Voters go to the polls in Chechnya on Sunday to choose a new local parliament, an election that the Kremlin hopes will further a policy of "normalization" in the conflict-torn republic. But many Chechens and analysts predict little effect on the violence and corruption that has exhausted and alienated a population desperate for peace.
Eight Russian political parties, none of them avowed secessionists, are running candidates for all seats in the two-chamber parliament, and the pro-Kremlin United Russia party will likely win a clear majority, according to opinion polls. More than 350 people, including independents, are running for a total of 61 seats.
Many who live in the Russian republic, the scene of two full-scale wars in the last decade and now scarred by a low-grade but vicious conflict, have little faith in the process. According to an opinion poll by SK-Strategia, a research institute with offices in the Chechen capital of Grozny, up to 68 percent of Chechens believe that the elections will not be fair and 72 percent say the outcome will be dictated by Ramzan Kadyrov, the republic's powerful first deputy prime minister.
"The choice is wide," said Abdullah Istamulov, president of SK-Strategia, whose work is funded by the European Union, the British Foreign Office and Canada, "but there is a common feeling that one person will decide."
Kadyrov, 29, is the son of former president Akhmad Kadyrov, who was assassinated last year. Under the republic's constitution, Kadyrov is too young to become president; many people view his current position as an interim post until he is 30 and can rise legally to the top job.
Kadyrov commands his own paramilitary force. Human rights groups have accused him and members of the unit of widespread abuses, including involvement in kidnappings and disappearances that continue to plague the region.
Kadyrov has repeatedly pledged his loyalty to Russian President Vladimir Putin. His ascent after his father's death is part of a wider policy to turn over much of the running of the republic to Chechens loyal to the Kremlin and to scale back direct Russian involvement, including the presence of Russian troops.
The parliamentary elections are the third leg in a political process. Chechens already adopted a constitution in 2003 and later that year held a presidential election. Human rights groups condemned those votes as rigged.
The parliamentary elections are to be observed by the Arab League, the Organization of the Islamic Conference, and monitors from former Soviet republics, among others, but no Western election observers. The Council of Europe, a 46-country body based in Strasbourg, France, plans to send a fact-finding team, but it will not have observer status.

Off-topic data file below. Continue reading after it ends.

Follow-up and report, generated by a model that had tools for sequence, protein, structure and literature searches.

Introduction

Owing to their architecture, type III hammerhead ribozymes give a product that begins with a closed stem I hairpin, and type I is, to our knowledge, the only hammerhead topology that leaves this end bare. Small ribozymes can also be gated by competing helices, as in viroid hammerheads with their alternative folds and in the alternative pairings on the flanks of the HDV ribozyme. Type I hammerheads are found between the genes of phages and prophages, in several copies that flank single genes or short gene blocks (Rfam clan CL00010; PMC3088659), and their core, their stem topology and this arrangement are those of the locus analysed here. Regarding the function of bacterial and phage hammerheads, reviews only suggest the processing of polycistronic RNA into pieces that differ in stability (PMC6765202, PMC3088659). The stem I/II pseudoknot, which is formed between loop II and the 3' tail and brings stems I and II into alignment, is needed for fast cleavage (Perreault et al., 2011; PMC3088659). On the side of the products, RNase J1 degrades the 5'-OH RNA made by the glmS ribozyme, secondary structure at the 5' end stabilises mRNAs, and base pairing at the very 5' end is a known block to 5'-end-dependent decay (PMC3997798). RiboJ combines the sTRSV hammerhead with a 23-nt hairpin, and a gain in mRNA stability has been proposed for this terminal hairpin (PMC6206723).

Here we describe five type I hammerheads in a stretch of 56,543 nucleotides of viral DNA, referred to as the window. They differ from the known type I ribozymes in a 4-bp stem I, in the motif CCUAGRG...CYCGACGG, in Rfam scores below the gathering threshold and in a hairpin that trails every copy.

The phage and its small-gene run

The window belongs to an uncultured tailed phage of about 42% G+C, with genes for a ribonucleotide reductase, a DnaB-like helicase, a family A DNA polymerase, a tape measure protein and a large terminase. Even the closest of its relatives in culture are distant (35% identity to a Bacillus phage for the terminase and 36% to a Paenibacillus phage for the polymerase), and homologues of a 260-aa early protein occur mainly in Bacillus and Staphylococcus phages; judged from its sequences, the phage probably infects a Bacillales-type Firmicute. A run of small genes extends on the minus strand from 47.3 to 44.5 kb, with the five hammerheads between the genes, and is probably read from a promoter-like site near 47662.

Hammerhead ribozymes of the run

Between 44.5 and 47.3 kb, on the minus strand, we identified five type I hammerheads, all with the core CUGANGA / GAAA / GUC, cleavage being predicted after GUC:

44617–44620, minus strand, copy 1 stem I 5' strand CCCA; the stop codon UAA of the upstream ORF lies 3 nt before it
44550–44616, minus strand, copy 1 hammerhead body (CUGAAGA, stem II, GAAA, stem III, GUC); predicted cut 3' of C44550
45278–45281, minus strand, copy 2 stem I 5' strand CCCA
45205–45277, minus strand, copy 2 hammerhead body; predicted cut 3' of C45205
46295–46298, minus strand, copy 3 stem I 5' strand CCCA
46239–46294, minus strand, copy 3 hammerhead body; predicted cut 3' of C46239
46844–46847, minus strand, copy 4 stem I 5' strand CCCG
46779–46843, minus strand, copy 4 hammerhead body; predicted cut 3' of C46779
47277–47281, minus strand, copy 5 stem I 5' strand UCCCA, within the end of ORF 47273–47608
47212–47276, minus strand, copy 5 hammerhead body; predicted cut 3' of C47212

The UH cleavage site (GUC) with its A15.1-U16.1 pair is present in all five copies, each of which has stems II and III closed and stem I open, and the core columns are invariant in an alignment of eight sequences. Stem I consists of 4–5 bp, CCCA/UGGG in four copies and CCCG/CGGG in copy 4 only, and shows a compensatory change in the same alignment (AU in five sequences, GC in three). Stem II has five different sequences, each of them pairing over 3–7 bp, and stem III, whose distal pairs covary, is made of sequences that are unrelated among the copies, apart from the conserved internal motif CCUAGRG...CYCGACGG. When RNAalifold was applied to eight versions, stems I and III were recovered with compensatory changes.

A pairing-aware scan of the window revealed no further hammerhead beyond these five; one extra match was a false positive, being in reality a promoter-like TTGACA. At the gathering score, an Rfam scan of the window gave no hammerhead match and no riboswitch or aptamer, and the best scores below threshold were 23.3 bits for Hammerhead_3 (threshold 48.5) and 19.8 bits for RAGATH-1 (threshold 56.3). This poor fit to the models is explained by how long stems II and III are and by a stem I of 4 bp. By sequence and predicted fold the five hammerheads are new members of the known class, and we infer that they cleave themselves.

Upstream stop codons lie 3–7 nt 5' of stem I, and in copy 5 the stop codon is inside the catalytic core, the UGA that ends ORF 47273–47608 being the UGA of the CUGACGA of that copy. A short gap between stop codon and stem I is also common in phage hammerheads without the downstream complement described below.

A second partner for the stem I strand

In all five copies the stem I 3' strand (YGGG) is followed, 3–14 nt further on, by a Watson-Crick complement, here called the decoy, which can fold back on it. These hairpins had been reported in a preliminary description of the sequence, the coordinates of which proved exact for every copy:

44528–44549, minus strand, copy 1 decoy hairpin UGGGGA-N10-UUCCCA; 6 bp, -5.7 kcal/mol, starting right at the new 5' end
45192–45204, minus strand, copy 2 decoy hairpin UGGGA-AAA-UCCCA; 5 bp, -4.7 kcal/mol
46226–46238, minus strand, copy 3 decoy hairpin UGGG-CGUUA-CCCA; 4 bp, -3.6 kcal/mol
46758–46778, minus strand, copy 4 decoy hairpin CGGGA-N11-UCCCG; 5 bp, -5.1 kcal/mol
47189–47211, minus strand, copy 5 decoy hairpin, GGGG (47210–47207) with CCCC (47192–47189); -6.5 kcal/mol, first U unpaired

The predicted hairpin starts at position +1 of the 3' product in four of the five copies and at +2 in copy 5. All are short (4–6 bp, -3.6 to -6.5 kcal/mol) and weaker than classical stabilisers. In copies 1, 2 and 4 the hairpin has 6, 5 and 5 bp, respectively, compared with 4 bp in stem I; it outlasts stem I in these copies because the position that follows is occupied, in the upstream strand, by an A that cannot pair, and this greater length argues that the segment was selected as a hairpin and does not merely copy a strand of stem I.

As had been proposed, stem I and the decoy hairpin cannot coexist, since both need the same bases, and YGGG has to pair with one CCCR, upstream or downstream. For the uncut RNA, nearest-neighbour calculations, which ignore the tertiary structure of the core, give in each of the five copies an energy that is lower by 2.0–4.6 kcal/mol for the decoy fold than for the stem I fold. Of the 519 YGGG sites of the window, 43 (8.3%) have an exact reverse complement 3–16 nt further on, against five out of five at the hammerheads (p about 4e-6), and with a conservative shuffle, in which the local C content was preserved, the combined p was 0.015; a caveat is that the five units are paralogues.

"Voters will have an opportunity to make their political choice freely and decide by themselves who will fill the seats in parliament," said Dmitry Kozak, Putin's special envoy in southern Russia. "The elections are extremely important for the Chechen republic and its residents."
A group of Russian human rights groups, including Memorial, said in a report this past week that elections cannot disguise the drumbeat of violence and will do little if anything to stop it.
Apart from United Russia, the other parties running include the Communist Party and the Union of Right Forces, generally seen as opposition parties in the rest of Russia. But in Chechnya, analysts said, traditional party politics are almost irrelevant and each slate has candidates loyal to Kadyrov.
A former rebel, Magomed Khambiyev, 43, who served as defense minister in a breakaway Chechen government in 1999, is running on the Union of Right Forces party list. The party was reportedly pressured by Kadyrov to include him.
The small Republican Party, which formed an alliance with nongovernmental organizations in the republic, was not allowed to run after it refused to accept the names of people whom Kadyrov and his allies wanted on the party list, party leaders said. Election officials instead cited problems with signatures that the party gathered to support its application.
"After this election, all branches of power, legislative and executive, will be concentrated in the hands of Kadyrov and those loyal to him," said Sergei Markedonov, a specialist on Chechnya at the Institute for Political and Military Analysis in Moscow.
Survey data suggest that Chechens are weary of the conflict and increasingly accept Moscow's rule if it can bring stability. According to the Institute of Social Marketing in Moscow, the number of Chechens who accept Russian rule has jumped from 67 percent to 86 percent in the last three years.
But some analysts believe that Kadyrov is a disastrous vehicle for the Kremlin's policies and that he might, ultimately, turn on his masters, opening the possibility of yet more warfare in Chechnya.
"The republic's power is getting stronger and its appetites are growing," said Markedonov. "Russia gave great power and great resources to a republican elite, which declared its loyalty to Moscow. But it's not real loyalty. Most members of Kadyrov's group are separatists, and Moscow is cultivating them. In some years, they will challenge Moscow."